It was a good day. We’re seven days out, so it’s like a bonus day, I guess you could say, as far as game week. Tomorrow we’ll treat it like a Monday and then work from there. —Utah coach Kyle Whittingham

SALT LAKE CITY — Camp is complete for the Utah Utes. It came to an end with the close of double days on Wednesday.

“We’re into game mode and so it’s a different schedule,” Utah coach Kyle Whittingham said after an 80-minute practice Thursday afternoon, exactly one week before the season opener against Idaho State at Rice-Eccles Stadium.

“It was a good day. We’re seven days out, so it’s like a bonus day, I guess you could say, as far as game week,” Whittingham added. “Tomorrow we’ll treat it like a Monday and then work from there.”

The Utes, he explained, are trying to do two things right now — polish up and get everyone’s legs back.

“It’s a fine line,” Whittingham said. “You’ve got to be able to try to do both — get them fresh, but get the work done you need to get done and that’s the line we’re walking right now.”

As such, Whittingham decide to scrap a third fall scrimmage for the second-straight year. It’s always debatable, he said, and after coming out of camp really healthy the risk/reward aspect had to be weighed.

All things considered, Whittingham said he’d rather error on the side of having the team fresh. Just as they did a year ago, the Utes are following a modified routine as the season approaches. Whittingham noted that the players liked having a less front-end loaded plan. The new model is based on training techniques from Olympic athletes and other teams they’ve talked to. He said Oregon may have been the first team to have used it.

Football preparations, meanwhile, continue.

“We’re just getting our game plan together,” said senior receiver Dres Anderson. “We’re doing a lot of game-scheming, so just doing that — crisping up on everything we’re doing.”

The Utes, he continued, are working on things like two-minute and red-zone situations.

Anderson said they also aren’t looking past Idaho State, even if the Bengals are an FCS program. He explained that Utah will go into each game like it’s the Super Bowl.

“We’re taking every opponent seriously. No matter who it is,” Anderson said. “It doesn’t matter who we’re playing.”

UTE PROUD: The Utah athletics department and the Ute Indian Tribe announced the launching of a “Ute Proud” campaign. It’ll kick off in earnest Saturday at the annual fan fest at Rice-Eccles Stadium, from 6-9 p.m.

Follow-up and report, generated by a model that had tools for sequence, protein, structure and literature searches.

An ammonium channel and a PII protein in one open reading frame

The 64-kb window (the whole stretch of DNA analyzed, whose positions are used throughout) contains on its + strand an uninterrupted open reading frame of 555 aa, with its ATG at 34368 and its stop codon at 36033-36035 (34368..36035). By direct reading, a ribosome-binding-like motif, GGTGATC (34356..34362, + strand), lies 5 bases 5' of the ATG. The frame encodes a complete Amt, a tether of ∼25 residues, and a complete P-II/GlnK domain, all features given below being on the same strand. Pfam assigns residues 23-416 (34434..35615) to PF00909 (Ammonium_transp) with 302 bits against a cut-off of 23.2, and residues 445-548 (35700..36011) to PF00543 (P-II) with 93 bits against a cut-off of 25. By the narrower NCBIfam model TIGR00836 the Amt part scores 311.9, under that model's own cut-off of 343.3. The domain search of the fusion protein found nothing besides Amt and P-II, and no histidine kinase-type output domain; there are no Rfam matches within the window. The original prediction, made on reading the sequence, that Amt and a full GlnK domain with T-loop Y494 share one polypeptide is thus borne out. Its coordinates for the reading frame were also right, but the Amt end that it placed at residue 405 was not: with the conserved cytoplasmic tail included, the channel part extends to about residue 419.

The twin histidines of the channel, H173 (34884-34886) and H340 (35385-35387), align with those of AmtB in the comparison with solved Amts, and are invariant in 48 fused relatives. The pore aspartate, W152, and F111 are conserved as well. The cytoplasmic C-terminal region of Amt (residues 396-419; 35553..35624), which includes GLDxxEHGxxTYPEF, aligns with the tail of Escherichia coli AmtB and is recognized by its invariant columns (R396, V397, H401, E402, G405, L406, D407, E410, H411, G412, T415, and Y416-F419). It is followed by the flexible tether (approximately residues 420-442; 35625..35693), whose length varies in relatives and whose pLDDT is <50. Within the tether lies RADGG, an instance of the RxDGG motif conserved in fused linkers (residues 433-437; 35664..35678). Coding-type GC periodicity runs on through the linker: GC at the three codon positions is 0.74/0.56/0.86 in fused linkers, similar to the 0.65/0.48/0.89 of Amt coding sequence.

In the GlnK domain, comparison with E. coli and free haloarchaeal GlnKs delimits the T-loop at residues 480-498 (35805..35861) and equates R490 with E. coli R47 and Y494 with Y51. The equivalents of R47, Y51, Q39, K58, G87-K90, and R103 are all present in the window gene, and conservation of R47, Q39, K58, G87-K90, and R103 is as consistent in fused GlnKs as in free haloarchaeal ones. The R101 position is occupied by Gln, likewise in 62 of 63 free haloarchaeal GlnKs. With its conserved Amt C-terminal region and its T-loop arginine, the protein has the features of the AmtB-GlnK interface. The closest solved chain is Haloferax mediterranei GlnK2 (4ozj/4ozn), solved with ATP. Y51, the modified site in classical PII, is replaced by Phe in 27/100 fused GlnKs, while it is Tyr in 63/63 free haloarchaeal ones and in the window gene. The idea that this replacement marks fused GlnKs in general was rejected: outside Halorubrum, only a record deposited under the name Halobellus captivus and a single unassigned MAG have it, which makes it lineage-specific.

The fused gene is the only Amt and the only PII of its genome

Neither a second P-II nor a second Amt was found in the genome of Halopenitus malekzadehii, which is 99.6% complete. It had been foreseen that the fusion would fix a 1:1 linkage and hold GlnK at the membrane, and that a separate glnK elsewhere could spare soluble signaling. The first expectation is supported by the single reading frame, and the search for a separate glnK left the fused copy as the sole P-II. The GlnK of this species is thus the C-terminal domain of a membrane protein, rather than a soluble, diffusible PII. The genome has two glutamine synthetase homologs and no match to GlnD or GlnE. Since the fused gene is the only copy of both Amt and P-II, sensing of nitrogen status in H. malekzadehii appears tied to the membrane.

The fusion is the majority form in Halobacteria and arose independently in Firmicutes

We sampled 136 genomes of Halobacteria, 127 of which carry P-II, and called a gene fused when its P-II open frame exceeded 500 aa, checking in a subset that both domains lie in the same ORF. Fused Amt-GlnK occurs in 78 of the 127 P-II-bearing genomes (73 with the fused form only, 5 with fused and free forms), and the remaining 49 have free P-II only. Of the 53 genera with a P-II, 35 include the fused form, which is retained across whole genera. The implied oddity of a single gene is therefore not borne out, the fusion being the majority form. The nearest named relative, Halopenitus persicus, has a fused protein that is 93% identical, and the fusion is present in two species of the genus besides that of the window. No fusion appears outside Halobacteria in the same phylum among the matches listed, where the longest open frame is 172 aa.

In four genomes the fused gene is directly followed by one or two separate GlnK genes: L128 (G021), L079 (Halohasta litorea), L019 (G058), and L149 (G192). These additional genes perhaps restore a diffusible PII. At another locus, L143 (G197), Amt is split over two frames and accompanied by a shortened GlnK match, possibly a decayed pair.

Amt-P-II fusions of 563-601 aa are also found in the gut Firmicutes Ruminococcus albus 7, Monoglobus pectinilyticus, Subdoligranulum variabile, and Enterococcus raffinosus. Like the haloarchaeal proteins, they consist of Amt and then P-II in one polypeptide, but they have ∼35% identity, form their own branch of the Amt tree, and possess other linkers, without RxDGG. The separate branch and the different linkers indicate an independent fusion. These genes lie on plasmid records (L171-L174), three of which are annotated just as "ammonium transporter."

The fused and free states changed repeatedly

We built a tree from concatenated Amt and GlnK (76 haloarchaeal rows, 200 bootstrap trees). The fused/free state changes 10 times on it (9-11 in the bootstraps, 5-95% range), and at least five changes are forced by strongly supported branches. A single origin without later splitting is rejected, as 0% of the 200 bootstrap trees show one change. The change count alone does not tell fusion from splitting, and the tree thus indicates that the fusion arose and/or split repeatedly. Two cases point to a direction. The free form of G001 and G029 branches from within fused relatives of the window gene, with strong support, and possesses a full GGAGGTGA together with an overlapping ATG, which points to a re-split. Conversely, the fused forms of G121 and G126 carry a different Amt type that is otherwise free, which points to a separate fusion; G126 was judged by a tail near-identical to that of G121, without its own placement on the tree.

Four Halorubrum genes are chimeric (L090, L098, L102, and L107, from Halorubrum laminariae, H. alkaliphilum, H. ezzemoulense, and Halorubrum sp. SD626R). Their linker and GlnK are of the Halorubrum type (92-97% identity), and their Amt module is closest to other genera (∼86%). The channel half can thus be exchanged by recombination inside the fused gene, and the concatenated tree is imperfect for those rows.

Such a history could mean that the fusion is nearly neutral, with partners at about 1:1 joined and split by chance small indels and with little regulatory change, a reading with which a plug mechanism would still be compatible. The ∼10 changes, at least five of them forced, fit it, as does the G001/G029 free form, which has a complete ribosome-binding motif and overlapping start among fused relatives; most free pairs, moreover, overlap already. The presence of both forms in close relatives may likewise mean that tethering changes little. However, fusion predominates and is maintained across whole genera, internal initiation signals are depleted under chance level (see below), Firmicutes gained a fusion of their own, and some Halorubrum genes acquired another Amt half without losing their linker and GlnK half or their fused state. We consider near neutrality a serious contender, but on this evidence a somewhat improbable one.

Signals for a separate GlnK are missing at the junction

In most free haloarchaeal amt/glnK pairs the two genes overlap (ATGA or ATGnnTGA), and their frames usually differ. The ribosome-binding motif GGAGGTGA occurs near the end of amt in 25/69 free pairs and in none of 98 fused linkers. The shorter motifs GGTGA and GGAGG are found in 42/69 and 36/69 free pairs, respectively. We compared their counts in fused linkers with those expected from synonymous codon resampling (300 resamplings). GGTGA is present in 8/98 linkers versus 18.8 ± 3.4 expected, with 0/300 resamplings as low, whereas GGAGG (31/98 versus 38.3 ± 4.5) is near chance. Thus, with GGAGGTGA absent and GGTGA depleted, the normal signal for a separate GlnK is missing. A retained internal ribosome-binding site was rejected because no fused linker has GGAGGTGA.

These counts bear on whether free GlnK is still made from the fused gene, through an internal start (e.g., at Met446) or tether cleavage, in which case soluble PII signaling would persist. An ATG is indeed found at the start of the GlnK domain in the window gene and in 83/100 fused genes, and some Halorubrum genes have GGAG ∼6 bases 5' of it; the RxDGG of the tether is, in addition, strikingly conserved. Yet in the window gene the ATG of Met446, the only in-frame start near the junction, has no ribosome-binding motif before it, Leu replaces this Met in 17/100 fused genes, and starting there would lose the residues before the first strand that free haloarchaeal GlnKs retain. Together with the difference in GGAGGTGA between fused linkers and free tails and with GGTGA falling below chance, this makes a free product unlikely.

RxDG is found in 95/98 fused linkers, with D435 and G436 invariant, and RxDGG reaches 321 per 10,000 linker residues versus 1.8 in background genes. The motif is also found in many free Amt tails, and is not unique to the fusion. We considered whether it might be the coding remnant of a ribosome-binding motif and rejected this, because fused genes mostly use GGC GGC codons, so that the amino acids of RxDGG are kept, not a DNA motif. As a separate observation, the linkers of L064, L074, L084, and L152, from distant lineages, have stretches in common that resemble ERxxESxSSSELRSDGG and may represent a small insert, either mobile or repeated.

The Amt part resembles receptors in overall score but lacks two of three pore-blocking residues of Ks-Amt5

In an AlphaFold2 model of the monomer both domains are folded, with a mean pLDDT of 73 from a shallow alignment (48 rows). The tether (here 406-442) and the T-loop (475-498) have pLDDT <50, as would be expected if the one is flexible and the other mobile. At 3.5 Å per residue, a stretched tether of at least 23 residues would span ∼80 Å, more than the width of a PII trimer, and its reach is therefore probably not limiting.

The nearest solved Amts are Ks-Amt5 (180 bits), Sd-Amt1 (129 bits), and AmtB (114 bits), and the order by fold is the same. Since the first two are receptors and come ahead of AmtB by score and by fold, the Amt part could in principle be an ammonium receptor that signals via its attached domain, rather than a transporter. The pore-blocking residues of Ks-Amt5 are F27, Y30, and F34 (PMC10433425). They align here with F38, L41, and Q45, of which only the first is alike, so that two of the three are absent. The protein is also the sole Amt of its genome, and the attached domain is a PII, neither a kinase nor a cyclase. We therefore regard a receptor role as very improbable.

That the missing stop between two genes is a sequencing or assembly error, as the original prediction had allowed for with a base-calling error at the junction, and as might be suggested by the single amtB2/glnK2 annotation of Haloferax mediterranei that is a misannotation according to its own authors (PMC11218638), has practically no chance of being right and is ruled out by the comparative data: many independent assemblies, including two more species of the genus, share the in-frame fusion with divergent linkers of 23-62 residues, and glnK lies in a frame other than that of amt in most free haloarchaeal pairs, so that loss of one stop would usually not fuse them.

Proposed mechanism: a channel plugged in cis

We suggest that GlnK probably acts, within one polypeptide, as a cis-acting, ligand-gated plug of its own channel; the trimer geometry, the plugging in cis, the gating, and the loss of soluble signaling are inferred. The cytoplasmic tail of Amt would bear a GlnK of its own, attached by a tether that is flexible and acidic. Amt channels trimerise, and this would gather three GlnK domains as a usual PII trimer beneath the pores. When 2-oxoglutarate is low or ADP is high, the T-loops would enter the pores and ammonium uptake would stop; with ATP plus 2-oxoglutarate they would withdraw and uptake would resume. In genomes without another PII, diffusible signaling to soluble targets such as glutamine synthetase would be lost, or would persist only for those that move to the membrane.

“Ute Proud” T-shirts will be available for $20 with all proceeds benefitting Ute Indian scholarships and youth programs. On Aug. 23, the T-shirts will be sold at the U. bookstore and Red Zone shops.

A video hosted by Forrest Cuch of the Ute Indian Tribe, which can now be seen on YouTube, will be played at all Utah athletic events this year. A series of educational cards will also be distributed to help fans learn more about the Ute Indian Tribe.

More information on the program can also be found at and

“We feel honored to represent the Ute Tribe,” Utah athletics director Dr. Chris Hill said in a released statement. “Our teams, coaches, staff and the entire university community hope our fans will join us in representing the Utes with dignity and respect at all times, and proudly saying ‘Go Utes!’”

TRIBUTE GAME: When the Utah Utes host Arizona on Nov. 22, they’ll be sporting helmets that include the Ute Indian tribal seal. It’s part of a “Native American Heritage Awareness” promotion affiliated with the “Ute Proud” campaign.

Other announced activities include the presentation of the game ball to a Ute Indian Tribe representative, the Ute Honor Guard presenting the national colors, and a halftime performance by the tribe’s “Pow Wow” committee.

“I think it’s a good deal,” Whittingham said. “I know that we’re elated that we’re able to use the drum-and-feather and that our relationship with the Ute Tribe is very good right now and we hope that continues. That’s a healthy thing, I think, for us and them.”

SCOUT-A-RAMA: As usual, Utah keeps NFL scouts out of practice until one week prior to the season opener. On Thursday, Whittingham estimates that scouts from seven or eight teams — including the Broncos, Panthers, Jets, Chiefs and Chargers — were on hand to watch the Utes work out.

“It’s always a little bit of a motivational factor for the players to see the scouts out there watching them and taking notes and watching their every move,” said Whittingham, who likes having the scouts around and evaluating the guys.

A HAIR-DON’T: Whittingham’s son Alex, a redshirt freshman linebacker, has been sporting an unconventional hairstyle during camp.

“Ask his mom about that. Talk to his mom,” Kyle said. “I don’t get it, but whatever. All I’m concerned with is how he plays.”

EXTRA POINTS: Whittingham said that sophomore Domo Hatfield is doing a really nice job at both wideout and cornerback. “He’s a guy that has really stepped it up this fall camp,” Whittingham added. ... The “Training Camp Olympics” continued with the “Ice Cream Man” competition after practice. Whittingham joked that there was a lot of controversy, however, in the ice cream sandwich eating contest. “We’re going to review the film and see what has to happen,” he said. ... According to Whittingham, there have been no changes on the depth chart this week. ... The football team has chosen to sing “Utah Man” by its original and not recently altered lyrics after games this season.


Twitter: @DirkFacer